A bitter battle flares up in the fiercely competitive endpoint protection products market, and uncovering the real impact over Hillary Clinton's email server. These items highlight this edition of the ISMG Security Report.
Forget the 2015 mega-breach, an ongoing FTC probe or multiple class-action lawsuits: A new leadership team wants to reboot infidelity-focused online dating website Ashley Madison, promising that this time they'll get security and privacy right.
More than half of all Android smartphones have a flaw that can be exploited to bypass the devices' full-disk encryption. As a result, law enforcement agencies - or attackers - could access all supposedly encrypted data being stored on vulnerable devices.
Endpoint protection vendors compete fiercely for customers, and allegations of impropriety are common among rivals. The latest battle pits Sophos against Cylance. Whose version of the story is the truth?
While malware may be used for an initial attack, hackers quickly begin using tools to move around networks that often don't raise suspicion. Here's what to look out for to detect a "low and slow" attack.
Would access to better information pertaining to encryption help Congress pass good crypto-related laws? That's the impetus behind a "Digital Security Commission" and a related report being hawked by some lawmakers.
Google Project Zero researcher Tavis Ormandy has once again found major vulnerabilities in Symantec's security products. Symantec has released updates, but not all will install automatically - some vulnerable products must be manually updated.
An individual claiming to be the hacker who posted four healthcare databases on the dark web reveals some of his tactics. We take a close look at the risks posed to one affected clinic, which faces a ransom demand.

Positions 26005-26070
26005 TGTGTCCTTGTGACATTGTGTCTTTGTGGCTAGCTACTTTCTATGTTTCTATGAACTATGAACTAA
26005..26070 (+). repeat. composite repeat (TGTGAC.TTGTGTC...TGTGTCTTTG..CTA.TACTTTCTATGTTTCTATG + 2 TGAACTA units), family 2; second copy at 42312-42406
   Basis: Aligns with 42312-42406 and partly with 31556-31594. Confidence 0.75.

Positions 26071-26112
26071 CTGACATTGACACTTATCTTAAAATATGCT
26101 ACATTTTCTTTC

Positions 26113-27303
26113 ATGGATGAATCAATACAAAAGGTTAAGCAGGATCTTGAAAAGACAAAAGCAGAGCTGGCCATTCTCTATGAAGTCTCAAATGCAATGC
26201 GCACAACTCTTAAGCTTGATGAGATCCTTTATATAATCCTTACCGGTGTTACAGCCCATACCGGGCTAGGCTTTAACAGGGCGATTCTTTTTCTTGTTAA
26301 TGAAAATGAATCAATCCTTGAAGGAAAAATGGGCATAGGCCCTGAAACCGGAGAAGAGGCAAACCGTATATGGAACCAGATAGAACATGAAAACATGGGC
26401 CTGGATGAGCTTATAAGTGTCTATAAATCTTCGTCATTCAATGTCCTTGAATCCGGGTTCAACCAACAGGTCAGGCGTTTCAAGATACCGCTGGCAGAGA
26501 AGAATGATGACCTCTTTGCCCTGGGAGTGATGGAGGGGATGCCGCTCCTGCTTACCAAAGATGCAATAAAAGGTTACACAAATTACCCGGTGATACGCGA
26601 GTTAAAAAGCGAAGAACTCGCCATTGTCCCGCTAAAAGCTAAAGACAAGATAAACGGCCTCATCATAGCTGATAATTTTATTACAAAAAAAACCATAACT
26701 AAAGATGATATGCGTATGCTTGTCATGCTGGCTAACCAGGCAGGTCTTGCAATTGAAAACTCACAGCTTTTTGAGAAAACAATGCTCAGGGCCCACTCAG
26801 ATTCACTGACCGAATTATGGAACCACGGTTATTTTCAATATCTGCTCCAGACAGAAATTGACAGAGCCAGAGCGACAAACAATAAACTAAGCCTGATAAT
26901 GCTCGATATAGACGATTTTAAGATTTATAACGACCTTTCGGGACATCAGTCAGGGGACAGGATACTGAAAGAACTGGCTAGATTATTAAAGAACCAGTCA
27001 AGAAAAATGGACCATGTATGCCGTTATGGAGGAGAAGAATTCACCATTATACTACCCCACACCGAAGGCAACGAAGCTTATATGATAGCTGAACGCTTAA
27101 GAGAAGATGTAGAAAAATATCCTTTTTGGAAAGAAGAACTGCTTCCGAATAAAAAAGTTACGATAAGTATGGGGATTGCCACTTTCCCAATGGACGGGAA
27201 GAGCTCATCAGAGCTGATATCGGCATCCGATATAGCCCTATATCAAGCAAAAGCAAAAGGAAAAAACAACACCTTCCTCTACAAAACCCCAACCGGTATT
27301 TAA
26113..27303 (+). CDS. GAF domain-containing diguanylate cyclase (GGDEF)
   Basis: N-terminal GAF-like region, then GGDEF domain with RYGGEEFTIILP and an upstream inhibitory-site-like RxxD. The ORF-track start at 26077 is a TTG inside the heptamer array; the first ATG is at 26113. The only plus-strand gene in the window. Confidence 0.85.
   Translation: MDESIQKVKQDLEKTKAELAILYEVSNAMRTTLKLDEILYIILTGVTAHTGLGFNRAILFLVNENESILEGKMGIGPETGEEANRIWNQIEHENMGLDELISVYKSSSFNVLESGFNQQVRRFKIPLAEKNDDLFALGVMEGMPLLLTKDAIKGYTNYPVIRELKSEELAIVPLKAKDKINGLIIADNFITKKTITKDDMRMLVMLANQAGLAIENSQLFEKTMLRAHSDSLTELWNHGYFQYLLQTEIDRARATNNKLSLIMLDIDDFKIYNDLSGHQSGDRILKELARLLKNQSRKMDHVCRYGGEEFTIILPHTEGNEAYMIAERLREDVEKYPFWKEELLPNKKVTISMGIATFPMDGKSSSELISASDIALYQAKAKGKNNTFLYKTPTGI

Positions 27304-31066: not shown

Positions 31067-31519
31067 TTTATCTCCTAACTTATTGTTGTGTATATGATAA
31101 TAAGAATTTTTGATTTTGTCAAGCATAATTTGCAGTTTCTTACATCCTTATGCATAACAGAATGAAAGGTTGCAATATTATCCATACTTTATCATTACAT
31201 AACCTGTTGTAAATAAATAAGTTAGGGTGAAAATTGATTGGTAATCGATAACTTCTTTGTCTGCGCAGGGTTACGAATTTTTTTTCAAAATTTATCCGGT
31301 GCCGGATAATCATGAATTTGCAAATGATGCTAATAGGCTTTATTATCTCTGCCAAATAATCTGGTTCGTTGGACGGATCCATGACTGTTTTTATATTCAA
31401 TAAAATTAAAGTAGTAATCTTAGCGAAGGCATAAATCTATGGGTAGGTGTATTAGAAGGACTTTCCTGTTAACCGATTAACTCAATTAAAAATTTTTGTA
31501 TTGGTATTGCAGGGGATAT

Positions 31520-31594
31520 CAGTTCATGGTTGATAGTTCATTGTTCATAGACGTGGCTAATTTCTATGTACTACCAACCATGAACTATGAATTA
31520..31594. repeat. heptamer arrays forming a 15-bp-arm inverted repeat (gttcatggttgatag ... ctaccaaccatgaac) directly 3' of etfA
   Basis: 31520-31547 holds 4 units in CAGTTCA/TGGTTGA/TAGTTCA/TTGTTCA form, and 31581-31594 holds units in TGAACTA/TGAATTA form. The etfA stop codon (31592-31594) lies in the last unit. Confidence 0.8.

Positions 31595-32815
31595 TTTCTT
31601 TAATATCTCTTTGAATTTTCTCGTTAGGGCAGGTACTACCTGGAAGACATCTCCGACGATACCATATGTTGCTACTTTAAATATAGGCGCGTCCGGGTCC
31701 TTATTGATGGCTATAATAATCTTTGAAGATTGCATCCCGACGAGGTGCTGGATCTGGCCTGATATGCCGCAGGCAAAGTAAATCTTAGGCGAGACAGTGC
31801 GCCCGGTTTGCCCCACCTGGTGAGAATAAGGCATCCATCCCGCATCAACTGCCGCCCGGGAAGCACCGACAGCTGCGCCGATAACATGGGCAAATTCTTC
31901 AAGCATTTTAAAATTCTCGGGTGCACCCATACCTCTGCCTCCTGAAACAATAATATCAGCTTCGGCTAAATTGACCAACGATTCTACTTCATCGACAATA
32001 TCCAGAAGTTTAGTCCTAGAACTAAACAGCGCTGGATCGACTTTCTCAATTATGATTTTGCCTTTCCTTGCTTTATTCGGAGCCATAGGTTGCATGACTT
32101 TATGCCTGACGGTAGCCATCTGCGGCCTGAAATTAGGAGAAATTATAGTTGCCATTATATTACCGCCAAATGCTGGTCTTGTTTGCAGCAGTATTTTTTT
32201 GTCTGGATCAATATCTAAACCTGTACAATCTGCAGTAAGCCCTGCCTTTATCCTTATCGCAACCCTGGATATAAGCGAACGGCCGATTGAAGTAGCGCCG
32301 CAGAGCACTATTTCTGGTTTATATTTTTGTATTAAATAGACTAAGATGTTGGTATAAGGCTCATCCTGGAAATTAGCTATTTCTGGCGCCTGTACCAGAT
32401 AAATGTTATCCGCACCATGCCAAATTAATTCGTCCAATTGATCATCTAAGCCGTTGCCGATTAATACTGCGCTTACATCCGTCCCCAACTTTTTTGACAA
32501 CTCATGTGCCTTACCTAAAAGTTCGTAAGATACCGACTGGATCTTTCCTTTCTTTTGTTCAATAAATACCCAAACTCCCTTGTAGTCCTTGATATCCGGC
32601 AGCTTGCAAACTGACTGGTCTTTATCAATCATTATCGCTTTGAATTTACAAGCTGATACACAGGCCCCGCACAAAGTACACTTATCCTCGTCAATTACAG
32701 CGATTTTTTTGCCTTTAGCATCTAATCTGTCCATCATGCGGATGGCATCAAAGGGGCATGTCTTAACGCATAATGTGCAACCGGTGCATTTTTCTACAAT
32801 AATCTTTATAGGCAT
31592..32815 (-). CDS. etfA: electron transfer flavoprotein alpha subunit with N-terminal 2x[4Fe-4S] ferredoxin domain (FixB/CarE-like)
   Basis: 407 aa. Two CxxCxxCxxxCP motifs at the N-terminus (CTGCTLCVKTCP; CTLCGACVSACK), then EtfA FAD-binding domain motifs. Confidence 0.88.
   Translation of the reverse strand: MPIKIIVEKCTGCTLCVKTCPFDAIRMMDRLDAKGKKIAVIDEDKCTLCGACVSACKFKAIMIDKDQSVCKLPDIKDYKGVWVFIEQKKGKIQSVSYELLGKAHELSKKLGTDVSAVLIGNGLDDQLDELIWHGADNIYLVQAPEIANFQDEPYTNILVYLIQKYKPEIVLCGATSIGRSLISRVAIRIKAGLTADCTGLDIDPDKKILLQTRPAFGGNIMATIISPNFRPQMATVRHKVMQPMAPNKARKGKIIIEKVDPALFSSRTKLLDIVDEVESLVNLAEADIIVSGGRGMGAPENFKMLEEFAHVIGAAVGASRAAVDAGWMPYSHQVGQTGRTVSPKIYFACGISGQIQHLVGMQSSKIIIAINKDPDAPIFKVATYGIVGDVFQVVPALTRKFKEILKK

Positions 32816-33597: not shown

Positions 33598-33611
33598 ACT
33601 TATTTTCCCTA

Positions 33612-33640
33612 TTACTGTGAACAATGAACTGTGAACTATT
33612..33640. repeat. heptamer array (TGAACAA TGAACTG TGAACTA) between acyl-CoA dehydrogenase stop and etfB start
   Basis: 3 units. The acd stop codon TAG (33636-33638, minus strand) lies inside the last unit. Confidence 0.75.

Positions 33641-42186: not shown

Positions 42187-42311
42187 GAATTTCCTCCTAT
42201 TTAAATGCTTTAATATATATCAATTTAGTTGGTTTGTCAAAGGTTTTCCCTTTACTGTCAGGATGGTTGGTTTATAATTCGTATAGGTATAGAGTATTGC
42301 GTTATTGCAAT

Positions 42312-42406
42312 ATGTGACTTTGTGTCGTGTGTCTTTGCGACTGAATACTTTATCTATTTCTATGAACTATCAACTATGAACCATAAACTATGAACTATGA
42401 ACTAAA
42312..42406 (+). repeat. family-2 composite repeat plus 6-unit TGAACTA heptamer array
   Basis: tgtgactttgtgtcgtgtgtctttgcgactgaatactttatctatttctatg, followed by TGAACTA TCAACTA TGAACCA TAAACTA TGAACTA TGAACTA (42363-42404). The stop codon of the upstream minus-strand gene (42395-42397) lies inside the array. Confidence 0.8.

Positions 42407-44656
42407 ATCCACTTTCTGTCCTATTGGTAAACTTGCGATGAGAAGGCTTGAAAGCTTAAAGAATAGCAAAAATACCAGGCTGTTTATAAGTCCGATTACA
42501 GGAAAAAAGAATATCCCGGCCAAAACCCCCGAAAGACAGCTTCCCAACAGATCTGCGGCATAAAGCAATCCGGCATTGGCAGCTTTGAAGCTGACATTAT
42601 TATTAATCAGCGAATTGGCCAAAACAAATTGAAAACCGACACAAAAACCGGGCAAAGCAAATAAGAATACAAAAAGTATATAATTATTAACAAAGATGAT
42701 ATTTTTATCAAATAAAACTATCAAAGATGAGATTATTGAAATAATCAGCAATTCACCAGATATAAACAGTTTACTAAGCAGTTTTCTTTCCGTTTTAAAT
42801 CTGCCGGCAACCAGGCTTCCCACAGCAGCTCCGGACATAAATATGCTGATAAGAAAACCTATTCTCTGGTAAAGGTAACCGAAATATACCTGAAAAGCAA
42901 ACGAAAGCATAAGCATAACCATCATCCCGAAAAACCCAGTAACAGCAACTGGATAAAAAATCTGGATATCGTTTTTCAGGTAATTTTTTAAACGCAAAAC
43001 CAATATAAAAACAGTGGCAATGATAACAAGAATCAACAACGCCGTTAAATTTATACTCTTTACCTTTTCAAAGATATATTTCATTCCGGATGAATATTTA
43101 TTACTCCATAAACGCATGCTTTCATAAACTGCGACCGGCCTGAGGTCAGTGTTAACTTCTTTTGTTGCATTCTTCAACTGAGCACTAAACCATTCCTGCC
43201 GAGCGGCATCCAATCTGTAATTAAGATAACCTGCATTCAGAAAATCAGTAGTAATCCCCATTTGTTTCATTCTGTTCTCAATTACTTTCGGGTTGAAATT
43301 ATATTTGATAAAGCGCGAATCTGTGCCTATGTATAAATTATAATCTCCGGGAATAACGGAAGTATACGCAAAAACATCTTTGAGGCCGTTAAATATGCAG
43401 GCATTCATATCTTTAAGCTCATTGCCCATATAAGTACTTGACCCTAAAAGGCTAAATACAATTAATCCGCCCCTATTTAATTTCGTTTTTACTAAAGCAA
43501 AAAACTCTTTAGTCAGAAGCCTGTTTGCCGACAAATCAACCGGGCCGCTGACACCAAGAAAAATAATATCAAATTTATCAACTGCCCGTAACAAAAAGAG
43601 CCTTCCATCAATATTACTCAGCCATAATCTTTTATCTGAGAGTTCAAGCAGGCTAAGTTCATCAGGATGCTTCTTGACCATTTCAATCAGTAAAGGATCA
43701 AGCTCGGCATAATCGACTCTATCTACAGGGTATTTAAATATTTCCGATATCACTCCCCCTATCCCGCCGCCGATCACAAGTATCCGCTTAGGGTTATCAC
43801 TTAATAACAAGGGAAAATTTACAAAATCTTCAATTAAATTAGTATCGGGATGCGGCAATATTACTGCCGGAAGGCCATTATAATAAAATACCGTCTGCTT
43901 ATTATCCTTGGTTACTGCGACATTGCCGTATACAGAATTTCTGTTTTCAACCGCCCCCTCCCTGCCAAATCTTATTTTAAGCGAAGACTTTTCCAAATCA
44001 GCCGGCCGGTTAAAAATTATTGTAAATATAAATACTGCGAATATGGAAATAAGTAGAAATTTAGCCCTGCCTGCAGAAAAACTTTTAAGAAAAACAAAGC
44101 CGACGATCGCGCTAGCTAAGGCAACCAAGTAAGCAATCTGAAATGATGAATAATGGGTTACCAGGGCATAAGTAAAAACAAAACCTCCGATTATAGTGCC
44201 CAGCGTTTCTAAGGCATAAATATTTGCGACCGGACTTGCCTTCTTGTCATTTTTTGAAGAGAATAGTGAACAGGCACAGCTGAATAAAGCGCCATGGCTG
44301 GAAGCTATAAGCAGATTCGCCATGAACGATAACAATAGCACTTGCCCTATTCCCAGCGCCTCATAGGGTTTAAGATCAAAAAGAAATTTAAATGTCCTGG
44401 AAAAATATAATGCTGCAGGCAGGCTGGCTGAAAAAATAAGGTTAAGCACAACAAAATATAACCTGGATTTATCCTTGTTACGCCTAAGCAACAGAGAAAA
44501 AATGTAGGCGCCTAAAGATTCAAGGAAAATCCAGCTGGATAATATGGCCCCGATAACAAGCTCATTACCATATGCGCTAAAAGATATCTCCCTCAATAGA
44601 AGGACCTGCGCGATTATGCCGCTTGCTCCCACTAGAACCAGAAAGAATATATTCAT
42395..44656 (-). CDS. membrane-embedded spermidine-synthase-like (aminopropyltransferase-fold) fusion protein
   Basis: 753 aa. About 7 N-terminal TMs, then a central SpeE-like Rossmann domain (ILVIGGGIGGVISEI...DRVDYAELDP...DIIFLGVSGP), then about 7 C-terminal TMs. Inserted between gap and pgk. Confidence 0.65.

A hacker is reportedly selling on the dark web copies of databases stolen from three unidentified U.S. healthcare organizations and one unnamed health insurer containing data on millions of patients. Why are such postings becoming more common, and what can organizations do to avoid becoming the next victim?
While PCI compliance is a priority for many U.S. retailers, some major companies in Australia say they'd rather forego the cost of compliance and risk the possibility of steep fines if a card breach occurs.
In an in-depth interview, Michael Sentonas of breach response specialist CrowdStrike discusses how a focus on malware detection may still be leaving organizations exposed and describes the firm's new efforts in the Asia-Pacific region.
With ransomware attacks surging, all organizations should ensure they have an enterprise backup and disaster recovery plan in place, and eliminate all unnecessary, outdated or disused applications and services running on endpoints and servers, says ESET's Mark James.
Adobe Flash security alert redux: All enterprises should immediately update - or delete - all instances of Flash Player, following reports that a zero-day flaw in the Web browser plug-in is being targeted by the new "ScarCruft" APT group.